Of course, the notion that teams will only scout straight-A students is laughable.
“It won’t stop teams from still evaluating guys,” an AFC front office executive said. “You will still find the guys you want to find.”
And it will only make life more difficult for the scouts. The combine is about a lot more than 40-yard dashes and bench presses — it’s an all-in-one setting where teams can meet with dozens of prospects and have them meet the entire organization.
“What guys would lose out on is the chance to work out in front of the GM, head coach, coordinators, and the position coach all in one setting,” the executive said.
And to our original point, even the NFL’s director of security finds it ridiculous to blame Belichick or the Patriots for Hernandez’s alleged act.
“Hindsight is always 20/20 in a situation where a player gets into serious trouble and people say, ‘See, I knew this was going to happen,’ ” security director Jeff Miller told Fox Sports. “It’s hard to predict how a young man is going to perform and mature. Even though I’m sure there are a lot of clubs that have concerns about certain players going into the draft, if those players are drafted, the teams try to work with them through their player engagement and security personnel to take the steps necessary to prevent the kinds of things that can cause big problems to a player and a team.”
Agents are hit where it hurts
The NFLPA handed out a little agent discipline last week — a three-month suspension and $5,000 fine for J.R. Rickert, and $5,000 fines for Ethan Lock, Eric Metz, and Vance Malinovic.
Rickert, who represents Josh Cribbs among a couple dozen clients, failed to make several payments and breached an agreement with co-agent Audie Attar.
Lock, Metz, and Malinovic were fined for failing to disclose that they each own a 5 percent stake in a company that provides services for clients.
Ravens safety Matt Elam, the 32d overall pick in April’s draft, hasn’t signed his rookie contract yet, but he’s not sweating the details. According to the Baltimore Sun, Elam will sign his contract without an agent, using only his older brother, veteran NFL safety Abram Elam, as an adviser.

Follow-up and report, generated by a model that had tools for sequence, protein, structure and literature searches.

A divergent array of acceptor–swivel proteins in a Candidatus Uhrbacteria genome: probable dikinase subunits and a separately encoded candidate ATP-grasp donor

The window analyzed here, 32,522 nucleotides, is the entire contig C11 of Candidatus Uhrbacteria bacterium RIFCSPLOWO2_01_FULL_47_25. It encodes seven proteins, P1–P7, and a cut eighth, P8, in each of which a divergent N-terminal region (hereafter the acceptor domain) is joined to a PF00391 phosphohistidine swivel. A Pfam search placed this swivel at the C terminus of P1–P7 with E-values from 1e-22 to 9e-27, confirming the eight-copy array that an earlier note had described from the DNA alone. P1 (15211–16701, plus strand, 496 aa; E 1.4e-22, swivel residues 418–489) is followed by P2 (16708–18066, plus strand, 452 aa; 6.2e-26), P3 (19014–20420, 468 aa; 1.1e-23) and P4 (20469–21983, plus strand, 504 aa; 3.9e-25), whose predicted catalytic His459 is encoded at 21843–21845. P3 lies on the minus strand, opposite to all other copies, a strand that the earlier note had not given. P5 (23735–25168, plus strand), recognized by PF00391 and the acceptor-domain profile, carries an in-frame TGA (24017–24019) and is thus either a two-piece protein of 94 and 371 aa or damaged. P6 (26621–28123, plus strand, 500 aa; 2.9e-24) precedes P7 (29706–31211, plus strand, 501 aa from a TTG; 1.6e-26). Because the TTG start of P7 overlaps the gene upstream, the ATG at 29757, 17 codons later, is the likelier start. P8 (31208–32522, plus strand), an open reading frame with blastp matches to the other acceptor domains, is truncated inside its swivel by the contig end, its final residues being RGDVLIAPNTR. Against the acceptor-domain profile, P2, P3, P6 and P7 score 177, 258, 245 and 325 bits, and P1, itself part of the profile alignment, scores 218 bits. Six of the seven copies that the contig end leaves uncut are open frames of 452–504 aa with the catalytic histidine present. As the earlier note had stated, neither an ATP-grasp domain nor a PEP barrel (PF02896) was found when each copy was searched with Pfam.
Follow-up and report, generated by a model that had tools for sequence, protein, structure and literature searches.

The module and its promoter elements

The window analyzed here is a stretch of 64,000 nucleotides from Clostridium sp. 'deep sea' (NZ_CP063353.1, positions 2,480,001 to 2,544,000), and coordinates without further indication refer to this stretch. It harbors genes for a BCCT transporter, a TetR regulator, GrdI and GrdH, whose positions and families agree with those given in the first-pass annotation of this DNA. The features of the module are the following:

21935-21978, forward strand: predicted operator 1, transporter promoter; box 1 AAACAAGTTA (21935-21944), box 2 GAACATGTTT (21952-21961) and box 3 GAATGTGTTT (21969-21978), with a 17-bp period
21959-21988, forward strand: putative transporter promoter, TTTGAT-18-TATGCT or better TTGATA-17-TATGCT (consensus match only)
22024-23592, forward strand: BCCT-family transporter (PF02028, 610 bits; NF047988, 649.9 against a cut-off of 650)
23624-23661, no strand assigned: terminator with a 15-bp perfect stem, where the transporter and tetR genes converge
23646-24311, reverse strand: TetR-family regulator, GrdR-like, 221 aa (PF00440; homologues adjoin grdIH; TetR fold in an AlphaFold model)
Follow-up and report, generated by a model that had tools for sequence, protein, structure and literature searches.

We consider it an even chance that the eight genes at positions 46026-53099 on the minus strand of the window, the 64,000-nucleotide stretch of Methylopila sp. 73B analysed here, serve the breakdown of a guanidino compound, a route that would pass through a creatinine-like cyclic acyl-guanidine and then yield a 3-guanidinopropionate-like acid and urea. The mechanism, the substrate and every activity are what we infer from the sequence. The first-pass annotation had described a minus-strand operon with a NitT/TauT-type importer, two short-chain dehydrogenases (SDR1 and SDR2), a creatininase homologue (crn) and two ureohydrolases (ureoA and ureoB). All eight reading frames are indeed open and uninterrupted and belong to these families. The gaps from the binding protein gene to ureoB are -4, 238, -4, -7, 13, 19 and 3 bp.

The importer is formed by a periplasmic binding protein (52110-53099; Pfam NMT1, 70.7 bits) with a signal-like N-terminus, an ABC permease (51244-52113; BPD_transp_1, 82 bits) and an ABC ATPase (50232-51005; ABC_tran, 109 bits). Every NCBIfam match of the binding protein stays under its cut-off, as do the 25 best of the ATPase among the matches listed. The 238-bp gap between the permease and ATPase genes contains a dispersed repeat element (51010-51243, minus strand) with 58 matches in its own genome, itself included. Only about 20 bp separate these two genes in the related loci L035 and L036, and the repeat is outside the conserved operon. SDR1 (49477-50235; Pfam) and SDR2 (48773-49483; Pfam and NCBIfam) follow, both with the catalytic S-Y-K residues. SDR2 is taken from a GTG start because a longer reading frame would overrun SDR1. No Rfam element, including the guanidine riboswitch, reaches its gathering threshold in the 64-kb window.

NFL agents better hope that future draft prospects don’t take Elam’s lead, because there’s little negotiating to be done in rookie contracts. Elam is slotted to sign a four-year deal worth $6.767 million, including a signing bonus of $3,301,456, no matter if he does it with an agent or not.
While the agent can fight for a few thousand dollars here or there in bonus money, an agent isn’t really needed until a player signs his second contract, which can’t happen until after his third NFL season (second for undrafted players).
Nice job by Bills Hall of Fame offensive lineman Joe DeLamielleure, who on Wednesday embarked on a 213-mile journey for charity. He is walking from the 50-yard line of Ralph Wilson Stadium to the steps of the Pro Football Hall of Fame in Canton, Ohio, to raise awareness and support for Grace’s Lamp, an organization in Charlotte, N.C., that helps young children who grow out of their prosthetic legs but cannot afford the high cost of new adult prosthetic legs. DeLamielleure plans on reaching Canton by July 20.Ben Volin can be reached at firstname.lastname@example.org. Follow him on Twitter @BenVolin. Material from interviews, wire services, other beat writers, and league and team sources was used in this report.